- The Ecosystem Accelerator Group, a new user group within the FedNow Community that will provide payment processors, core banking system providers, mobile and online banking platform providers, payment hubs and gateways, bill pay/presentment service providers, and other new opportunities.
- A new Service Provider Showcase to support end-to-end development of the instant payments ecosystem and FedNow Service implementation. The online showcase will enable service providers who are members of the Ecosystem Accelerator Group to highlight their technical and consultative capabilities related to instant payments on the FedNow Explorer website in early 2022.
More information about the FedNow Service and other instant payment resources can be found on the FedNow Explorer website.
Next Steps in Preparing Your FI for Fed Now
The various approaches and strategies discussed by the panelists highlight a no one-size-fits-all approach for participating in the FedNow Service. Now is an opportune time to educate yourself and your organization about the FedNow Service, consider potential use case,s and engage in thoughtful discussions around your real-time and instant payments strategy.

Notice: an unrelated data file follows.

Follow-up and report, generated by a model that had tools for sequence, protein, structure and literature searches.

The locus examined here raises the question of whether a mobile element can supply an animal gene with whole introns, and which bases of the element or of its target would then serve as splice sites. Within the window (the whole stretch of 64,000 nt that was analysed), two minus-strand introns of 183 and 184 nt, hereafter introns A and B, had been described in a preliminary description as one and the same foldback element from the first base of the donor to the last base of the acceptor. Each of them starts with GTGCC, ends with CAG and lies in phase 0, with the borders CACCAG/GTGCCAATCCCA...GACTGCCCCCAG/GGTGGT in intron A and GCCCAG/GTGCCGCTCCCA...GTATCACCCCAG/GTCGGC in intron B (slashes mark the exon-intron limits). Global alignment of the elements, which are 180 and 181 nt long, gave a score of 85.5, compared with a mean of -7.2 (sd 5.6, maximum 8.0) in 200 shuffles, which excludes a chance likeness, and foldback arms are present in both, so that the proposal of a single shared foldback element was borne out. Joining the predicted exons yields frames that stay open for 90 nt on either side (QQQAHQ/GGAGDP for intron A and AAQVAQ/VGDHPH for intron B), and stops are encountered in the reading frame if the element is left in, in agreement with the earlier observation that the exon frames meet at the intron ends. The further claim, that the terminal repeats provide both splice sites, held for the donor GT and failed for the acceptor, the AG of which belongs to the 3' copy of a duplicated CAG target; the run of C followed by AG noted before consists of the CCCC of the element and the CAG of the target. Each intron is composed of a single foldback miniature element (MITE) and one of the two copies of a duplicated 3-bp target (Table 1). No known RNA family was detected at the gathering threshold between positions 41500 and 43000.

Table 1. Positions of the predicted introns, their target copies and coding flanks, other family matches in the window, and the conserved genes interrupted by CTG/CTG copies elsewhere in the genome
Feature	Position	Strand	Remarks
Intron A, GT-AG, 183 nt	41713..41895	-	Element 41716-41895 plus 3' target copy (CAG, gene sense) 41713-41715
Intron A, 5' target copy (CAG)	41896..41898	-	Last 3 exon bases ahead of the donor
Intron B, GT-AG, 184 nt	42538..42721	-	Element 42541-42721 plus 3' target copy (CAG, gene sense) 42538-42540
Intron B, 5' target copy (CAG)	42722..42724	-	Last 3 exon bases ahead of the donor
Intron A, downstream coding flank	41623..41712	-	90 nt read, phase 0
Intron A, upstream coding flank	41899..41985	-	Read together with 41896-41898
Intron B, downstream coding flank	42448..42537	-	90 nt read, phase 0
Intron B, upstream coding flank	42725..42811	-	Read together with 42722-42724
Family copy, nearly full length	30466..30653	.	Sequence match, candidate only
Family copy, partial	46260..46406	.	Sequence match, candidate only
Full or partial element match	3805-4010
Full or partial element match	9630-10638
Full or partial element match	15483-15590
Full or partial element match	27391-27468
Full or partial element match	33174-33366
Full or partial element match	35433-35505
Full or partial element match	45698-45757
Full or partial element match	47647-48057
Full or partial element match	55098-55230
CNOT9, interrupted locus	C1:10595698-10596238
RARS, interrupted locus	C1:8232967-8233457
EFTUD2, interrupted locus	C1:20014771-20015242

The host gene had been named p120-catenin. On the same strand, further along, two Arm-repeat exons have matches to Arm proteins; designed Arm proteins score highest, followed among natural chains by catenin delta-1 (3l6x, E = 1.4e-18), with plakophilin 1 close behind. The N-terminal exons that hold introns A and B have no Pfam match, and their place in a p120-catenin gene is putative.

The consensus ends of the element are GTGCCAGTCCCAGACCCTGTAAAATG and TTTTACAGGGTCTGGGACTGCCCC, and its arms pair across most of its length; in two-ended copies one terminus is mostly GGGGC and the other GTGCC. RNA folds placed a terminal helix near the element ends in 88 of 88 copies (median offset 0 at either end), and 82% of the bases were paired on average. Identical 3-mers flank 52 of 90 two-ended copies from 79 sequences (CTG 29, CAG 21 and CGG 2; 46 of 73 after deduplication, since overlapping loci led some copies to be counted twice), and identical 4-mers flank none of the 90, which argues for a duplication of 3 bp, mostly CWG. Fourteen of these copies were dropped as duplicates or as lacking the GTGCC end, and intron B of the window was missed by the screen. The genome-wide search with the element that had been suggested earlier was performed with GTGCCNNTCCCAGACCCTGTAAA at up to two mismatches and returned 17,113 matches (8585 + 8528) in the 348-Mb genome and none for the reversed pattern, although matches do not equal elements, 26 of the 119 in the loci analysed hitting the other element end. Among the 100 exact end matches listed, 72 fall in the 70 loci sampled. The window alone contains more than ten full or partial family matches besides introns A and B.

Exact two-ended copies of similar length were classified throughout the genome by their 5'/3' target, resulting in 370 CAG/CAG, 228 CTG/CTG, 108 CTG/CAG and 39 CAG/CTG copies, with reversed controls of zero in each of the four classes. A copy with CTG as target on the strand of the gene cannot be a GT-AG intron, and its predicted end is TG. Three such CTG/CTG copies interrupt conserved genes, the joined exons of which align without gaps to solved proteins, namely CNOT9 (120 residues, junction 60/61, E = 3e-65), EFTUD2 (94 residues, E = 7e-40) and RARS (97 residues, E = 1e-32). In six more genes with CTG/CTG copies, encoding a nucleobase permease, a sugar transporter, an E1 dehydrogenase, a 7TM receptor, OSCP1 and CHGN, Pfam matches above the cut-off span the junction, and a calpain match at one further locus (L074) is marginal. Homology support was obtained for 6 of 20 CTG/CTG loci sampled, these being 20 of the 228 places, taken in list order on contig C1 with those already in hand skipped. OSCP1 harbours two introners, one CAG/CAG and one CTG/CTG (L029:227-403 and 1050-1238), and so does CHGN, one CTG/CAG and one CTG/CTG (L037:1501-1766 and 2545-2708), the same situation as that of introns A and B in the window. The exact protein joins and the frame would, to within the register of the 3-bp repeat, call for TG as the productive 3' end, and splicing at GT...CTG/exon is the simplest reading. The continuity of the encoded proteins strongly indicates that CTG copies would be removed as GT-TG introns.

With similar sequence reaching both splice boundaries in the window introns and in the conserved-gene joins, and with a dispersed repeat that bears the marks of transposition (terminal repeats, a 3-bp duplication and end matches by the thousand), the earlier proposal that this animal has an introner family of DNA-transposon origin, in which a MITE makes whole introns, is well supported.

Visit the FedNow Explorer website to learn more about the FedNow Service and the opportunities it affords your financial institution and its members. In addition, consider diving deeper by listening to the full panel discussion or viewing the presentation slides. And to stay up to date on all FedNow developments, join the FedNow Community.
In addition, NEACH is offering the Future of Payments Symposium to explore faster payments and other key topics. We also have created educational resources, including our Innovating Payments website.
As you make decisions around your faster payments plans, feel free to reach out to us with any questions or needs. Our goal is to continue to support your planning and implementation efforts as 2023 draws near.
AUTHOR: Joe Casali, AAP, NCP
Executive Vice President
As the EVP of Payments Innovation for NEACH, Joe focuses on exploring innovative solutions and technologies that will help position members for success, both now and in the future. Connect with Joe to read more of his blogs, articles, and posts.